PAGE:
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Things Mortgage Lenders Look for on Your Application

You are ready to move out of your apartment, move on from a roommate situation or your parent’s place into your very first home. While it is an exciting time, you need to be ready to take the necessary steps to set up your finances and applications before you begin searching for a new home.

We know how stressful this time can be. You’ve probably compiled quite a few questions for the mortgage lender. Here are a few answers to help you get off on the right foot.

1. Credit Score

Although the most favorable credit score in the eyes of a lender is 850, it’s a difficult goal for most people to reach. According to Nerd Wallet, “A score of 690 and above generally is considered a good credit score. Above 720 is excellent.” Even so, most lenders will accept an applicant with a credit score of 650 and above, although the lower your score the higher the interest rate that you’ll have to pay.

You can improve your credit standing by correcting any incorrect statements on your credit report. You can request a free copy of your credit report once a year from each of the three major reporting agencies.

A few circumstances that can have an impact on your ability to get a mortgage is Chapter 7 or Chapter 13 bankruptcy.

Again, not so much a negative, but it is a hurdle. Make sure that you’ve followed best practices to close out that chapter of your life.

2. Debt-to-Income Ratio

If you are buying a new home alone or with your spouse, take the time to review your debt. Compare it to how much you earn (net after taxes) you don’t want more than 30% of your net income allocated toward a mortgage or 45% of your gross toward all debts. This will help you to figure out if now is the right time to purchase. There are free calculators on the internet you can use that can provide an amount of a mortgage that you can afford. Check out this Rent vs. Own Calculator to see if it pays for you to buy a house.

3. Total Balance of Your Checking/Savings Accounts

Remember to include money in your IRA, checking and savings accounts when applying for a mortgage preapproval. It can help to strengthen your application when mortgage lenders are reviewing your debt to income ratio.

If you are planning to buy a house 6-12 months into the future, we recommend that you budget an amount each month for your down payment. Depending on the type of property or lender, a down payment can be between 5-25% of the cost of the house.

4. Employment or Business History

If you have a history of changing employers frequently throughout a year, it can be a concern. It will be helpful if you have worked at your place of employment for 2+ years.

Do you run a full-time business? The bank will most likely request a letter from your CPA to confirm the annual income you receive per year.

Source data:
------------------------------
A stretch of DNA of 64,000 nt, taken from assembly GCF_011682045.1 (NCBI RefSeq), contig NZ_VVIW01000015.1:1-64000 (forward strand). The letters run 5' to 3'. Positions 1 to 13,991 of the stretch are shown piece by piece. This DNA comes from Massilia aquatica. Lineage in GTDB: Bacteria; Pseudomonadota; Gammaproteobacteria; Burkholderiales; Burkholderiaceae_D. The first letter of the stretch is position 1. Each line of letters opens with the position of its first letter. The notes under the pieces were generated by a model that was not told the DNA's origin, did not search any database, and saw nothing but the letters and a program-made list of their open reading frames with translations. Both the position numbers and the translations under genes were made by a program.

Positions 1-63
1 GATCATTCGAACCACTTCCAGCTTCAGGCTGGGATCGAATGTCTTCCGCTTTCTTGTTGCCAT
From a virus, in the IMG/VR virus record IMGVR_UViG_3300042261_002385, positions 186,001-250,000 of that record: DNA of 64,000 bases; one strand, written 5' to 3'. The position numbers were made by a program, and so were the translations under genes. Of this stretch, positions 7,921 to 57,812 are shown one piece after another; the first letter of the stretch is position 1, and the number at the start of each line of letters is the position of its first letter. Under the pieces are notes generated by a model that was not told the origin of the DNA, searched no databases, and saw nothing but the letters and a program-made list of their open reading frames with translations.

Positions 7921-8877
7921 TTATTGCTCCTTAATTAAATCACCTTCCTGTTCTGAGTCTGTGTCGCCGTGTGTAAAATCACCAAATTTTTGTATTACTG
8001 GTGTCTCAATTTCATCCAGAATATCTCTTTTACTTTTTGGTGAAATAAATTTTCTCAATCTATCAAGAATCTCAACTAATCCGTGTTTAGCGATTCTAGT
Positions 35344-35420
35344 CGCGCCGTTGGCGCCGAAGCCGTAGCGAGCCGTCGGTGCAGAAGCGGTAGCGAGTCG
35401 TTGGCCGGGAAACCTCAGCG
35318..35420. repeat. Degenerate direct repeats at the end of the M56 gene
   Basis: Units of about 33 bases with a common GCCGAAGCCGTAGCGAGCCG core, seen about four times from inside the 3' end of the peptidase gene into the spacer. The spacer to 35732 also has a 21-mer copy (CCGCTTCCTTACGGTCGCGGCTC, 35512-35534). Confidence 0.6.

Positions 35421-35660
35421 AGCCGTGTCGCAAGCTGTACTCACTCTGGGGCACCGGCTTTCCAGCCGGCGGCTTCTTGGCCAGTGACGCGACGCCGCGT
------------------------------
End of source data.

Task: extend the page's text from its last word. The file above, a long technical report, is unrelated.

5. Rental History

While it is not a requirement, if you have years of experience as a renter that has paid their rent on time each month, the lender will believe you can do the same with your first home.

It is not a guarantee that an excellent rental history will help you with the application, but it is better than not having experience at all.

6.  Assets

A mortgage specialist will ask if you have assets that include a car, rental property, boat, or tangible commodities to add to the application. In their minds, if you default on the mortgage, they can use these items to pay off debt.

7. Term of the Loan

Many lenders will offer a several different term loans such as 15 year, and 30 year mortgages. A 15 year term is preferable because it says you can pay the mortgage off in a shorter time frame and will pay much less in interest. The downside to this is the payment will be higher than with an extended duration so most first-time homebuyers can’t afford it.

8. Use of Property

Some people buy a house to live and do business in their home. Others prefer to buy and rent the basement or the entire house. Be prepared to be honest with this question when a lender asks you about your plans. It can impact the loan type and amount of down payment you can afford.

9. An Honest Application

The last thing you want to do is be accused of mortgage fraud for adding false information about your income or history on an application. Do the right thing and verify your data before you complete it even if you have to take the paperwork home with you.

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It can be disappointing spending your evenings and weekends searching for a new home, later to hear the news that you have one or two areas of your finances to improve before walking into your new house.

On the bright side, people from all walks of life have prepared themselves for this day. If they can do it, you can too.

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About the Author: Kym E. Booke, a CNE designated REALTOR in Las Vegas, helps individuals buy and sell homes in Summerlin, Henderson, and throughout the Las Vegas Valley.

 

 

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